This month, I was forced to give up $1,000 worth of my budget to create a tighter comparison when we get the chance to break down value. But last quarter's $2,000 setup won't be a part of that story. So, I'll draw my comparisons now. We know that it cost twice as much and came nowhere near delivering two times as much performance. This is our chance to quantify the difference.
Serving up 83% of the previous build's performance, today’s half-priced machine gets a 61% value boost from its lower price. Both systems gain value from free overclocking, which is technically free. However, this quarter's overclocked value leads our previous effort by around 66%.
Gaming value becomes even more important when a PC is built expressly for that purpose. We’d like to say that today’s build turned into a capable gaming platform by accident, but we always knew that leaving out enhancements that don't affect performance would limit the utility of this machine to the most performance-sensitive workloads.
With that in mind, Q4 2012's advantage in games is larger than its overall performance lead (when we factor in the other benchmarks). But that advantage is still not large enough to overcome its astronomical increase in price.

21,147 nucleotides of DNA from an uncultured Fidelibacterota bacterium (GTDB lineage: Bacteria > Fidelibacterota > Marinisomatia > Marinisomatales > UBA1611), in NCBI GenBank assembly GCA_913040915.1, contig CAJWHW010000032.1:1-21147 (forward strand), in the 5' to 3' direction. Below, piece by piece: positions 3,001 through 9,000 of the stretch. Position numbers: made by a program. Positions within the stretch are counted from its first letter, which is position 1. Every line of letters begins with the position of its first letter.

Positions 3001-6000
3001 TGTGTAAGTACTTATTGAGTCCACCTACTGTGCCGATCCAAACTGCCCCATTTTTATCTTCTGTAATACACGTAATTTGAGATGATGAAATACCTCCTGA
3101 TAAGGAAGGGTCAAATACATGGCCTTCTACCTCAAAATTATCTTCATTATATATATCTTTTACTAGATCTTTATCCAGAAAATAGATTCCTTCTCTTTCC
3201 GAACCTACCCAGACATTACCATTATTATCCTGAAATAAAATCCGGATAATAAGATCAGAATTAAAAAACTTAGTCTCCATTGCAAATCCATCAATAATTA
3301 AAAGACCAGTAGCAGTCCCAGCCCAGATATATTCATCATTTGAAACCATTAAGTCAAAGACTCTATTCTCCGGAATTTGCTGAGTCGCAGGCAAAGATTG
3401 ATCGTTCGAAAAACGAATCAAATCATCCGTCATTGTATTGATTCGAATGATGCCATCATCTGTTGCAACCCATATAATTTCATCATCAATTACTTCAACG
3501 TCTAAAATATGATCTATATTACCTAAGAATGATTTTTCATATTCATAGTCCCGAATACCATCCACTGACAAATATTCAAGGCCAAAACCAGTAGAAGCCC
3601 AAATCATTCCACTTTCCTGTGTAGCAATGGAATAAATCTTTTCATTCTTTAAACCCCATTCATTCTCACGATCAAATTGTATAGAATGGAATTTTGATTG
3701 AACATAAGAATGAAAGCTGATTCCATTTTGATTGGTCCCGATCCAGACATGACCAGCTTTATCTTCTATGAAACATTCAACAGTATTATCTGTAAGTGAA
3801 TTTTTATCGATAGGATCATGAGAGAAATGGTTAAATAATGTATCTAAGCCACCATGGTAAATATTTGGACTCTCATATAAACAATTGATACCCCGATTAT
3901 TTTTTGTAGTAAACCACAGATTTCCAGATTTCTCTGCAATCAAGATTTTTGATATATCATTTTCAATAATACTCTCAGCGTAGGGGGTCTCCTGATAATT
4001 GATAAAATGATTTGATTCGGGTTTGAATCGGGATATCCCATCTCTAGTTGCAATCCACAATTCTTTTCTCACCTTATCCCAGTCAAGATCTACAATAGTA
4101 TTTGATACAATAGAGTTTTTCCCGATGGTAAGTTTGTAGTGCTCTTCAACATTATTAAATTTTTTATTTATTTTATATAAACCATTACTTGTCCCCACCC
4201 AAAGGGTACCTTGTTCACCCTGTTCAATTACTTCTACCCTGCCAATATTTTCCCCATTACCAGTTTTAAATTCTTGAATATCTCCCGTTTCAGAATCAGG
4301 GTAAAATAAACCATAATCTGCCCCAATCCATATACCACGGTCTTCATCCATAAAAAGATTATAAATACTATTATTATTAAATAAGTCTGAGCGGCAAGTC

- Can $1,000 Buy A High-End PC?
- Graphics, CPU, And Motherboard
- DRAM, Storage, And Optical Drive
- Case, Power, And CPU Cooling
- Hardware Installation
- Test Settings And Benchmarks
- Results: 3DMark And PCMark
- Results: SiSoftware Sandra
- Results: Battlefield 3 And F1 2012
- Results: The Elder Scrolls V: Skyrim And StarCraft II
- Results: Audio And Video Encoding
- Results: Adobe Creative Suite
- Results: Productivity
- Results: File Compression
- Power, Heat, And Efficiency
- Could We Have A Value Winner At $1,000?